So it seems that often when one volunteers to help, the specifics of the helping tend not to be so dramatic and glamorous. Like the Korean lady Grace that I met on the 22nd: she left behind a career in bioengineering to wash dishes and run bible study at a South African mission. The things that need doing are often fairly mundane. In that vein, I spend all day in my room fixing PCs.
Of course I’m not giving up a bioengineering career, but hey, it’s a sacrifice to give up my ten hours per day of pointless internet surfing back home!
My room here is tiny; just enough for a bunk bed and a bit of floor to stand on while getting in and out. There are now three computers, two printers, and a monitor stacked in the corner, and I need some room to work. I take the bottom mattress off the bunk and stow it behind the bed, leaving a low particleboard bench for me to set up on. I put a folded blanket on the floor to soften the tiles, and slide my legs under the bed. I doubt it would pass OSHA standards, but it works.
After today I am fast becoming an expert in breaking into PC’s. The Department of Education machines have a password on both the BIOS and Windows Administrator, so you can’t really do anything. They don’t give anyone at the school the passwords, and there’s no service provided, so when something goes wrong, there’s no way to fix it.
With my internet connection and Google, however, I manage to find instructions on bypassing these security measures: the motherboard has a “reset” jumper that I use to clear that password, then I can boot from a custom Linux CD that allows me to blank the Windows Administrator password. This is more computer cracking than I’ve ever done before, and it’s damn fun. Maybe I’m breaking the rules, but it’s for a good cause. Isn’t that what they all say?
Once in, I can install new virus software and repair damaged system files. Over the course of the day I get all three machines back in working order. Such success requires a reward! And a reward I shall have: I call Alan and we plan a braai tonight.
Ah, the braai — the ritual South African barbecue that many here do multiple times per week. We cast around and find that Simangaliso is free, so we invite him over as well. Donna brings some pumpkin curry, Simangaliso makes some stiff pap, a traditional maize-meal staple that’s a bit like polenta, and Alan and I try to get the grill going for some prime rib and marinated chicken we bought at Pick-n-Pay. We meet up at the backpacker’s and use circular stone the picnic table in the yard.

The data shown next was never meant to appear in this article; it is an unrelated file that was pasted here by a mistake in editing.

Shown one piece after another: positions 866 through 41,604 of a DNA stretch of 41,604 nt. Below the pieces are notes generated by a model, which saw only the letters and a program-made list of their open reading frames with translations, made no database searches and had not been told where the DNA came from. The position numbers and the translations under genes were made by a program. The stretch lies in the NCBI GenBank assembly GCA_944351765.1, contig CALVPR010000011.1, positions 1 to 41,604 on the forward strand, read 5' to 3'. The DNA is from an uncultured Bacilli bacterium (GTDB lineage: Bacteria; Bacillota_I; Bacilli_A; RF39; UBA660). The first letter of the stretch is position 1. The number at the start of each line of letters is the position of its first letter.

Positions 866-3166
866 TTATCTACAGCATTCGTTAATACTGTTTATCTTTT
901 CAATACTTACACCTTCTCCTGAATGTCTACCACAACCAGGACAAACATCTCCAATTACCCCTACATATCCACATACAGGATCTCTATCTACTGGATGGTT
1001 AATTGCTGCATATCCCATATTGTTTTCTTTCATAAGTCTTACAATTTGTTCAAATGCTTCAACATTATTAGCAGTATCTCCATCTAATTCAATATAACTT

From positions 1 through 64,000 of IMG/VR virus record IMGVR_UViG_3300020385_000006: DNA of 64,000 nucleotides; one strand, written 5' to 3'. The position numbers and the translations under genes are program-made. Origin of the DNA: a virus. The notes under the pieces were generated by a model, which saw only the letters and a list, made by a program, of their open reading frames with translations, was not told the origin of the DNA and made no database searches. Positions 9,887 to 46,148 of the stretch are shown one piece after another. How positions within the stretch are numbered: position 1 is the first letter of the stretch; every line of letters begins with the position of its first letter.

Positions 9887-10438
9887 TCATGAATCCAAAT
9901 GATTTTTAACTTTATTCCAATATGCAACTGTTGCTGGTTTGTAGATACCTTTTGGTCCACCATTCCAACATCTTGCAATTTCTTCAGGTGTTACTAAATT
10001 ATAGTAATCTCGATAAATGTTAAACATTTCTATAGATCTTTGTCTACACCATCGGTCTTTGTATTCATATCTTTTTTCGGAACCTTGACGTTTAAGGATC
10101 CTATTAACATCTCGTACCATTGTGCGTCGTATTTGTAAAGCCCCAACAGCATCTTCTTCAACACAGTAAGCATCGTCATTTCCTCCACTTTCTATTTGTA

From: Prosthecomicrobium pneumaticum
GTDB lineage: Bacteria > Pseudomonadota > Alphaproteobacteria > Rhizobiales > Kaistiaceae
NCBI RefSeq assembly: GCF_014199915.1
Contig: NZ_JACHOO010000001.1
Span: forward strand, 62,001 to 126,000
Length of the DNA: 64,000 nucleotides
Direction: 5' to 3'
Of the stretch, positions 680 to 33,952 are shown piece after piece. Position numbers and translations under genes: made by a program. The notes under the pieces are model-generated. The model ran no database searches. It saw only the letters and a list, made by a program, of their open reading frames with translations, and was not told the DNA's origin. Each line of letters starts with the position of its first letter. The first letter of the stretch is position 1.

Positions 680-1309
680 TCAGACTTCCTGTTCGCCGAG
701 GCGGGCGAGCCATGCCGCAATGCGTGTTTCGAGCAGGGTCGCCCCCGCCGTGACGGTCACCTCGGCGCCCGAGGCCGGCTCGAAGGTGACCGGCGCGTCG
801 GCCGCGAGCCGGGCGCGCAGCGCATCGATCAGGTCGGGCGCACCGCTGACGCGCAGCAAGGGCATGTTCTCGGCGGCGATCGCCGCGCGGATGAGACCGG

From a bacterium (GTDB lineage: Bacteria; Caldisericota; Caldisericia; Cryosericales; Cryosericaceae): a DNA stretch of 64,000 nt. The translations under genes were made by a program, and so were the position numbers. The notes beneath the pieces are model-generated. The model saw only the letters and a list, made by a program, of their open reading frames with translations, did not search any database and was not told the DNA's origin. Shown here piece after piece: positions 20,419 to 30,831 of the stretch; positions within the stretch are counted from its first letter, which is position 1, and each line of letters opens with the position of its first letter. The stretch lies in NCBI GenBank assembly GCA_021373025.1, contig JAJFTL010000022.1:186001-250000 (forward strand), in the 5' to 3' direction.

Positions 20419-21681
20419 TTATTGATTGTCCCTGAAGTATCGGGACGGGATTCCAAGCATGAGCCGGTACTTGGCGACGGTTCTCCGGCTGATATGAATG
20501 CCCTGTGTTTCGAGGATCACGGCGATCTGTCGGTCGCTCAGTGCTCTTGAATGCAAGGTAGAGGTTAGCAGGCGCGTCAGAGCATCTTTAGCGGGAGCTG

As seems to be the case whenever so-called smart people try to get a barbecue going without their familiar tools — like a chimney starter — we fail.
The backpacker’s had a bag of charcoal and a couple of starter bricks, but even when Simangaliso finds a plastic cutting board to fan the coals, we can’t seem to get them to really take. There’s bits of glowing red, but not enough to warm my hand, let alone cook a steak. Eventually we realize by looking a little more closely at the charcoal bag that it must have got wet at some point, so I run out and get a new bag.
Once those fresh coals hit the fire, we’re off! Sizzling abounds. The food is good, the night is cool and calm, and there are very few bugs. We even share a little red wine and some banana bread for dessert. It’s a very good evening in South Africa.
Afterwards I drive Simangaliso home, to The Location. As he’s saying goodbye, he instructs me not to stop at the stop sign on the way back to town because there have been carjackings. Then he calls me a few minutes later when I get home to make sure I made it alright.
It’s still a very good evening in South Africa.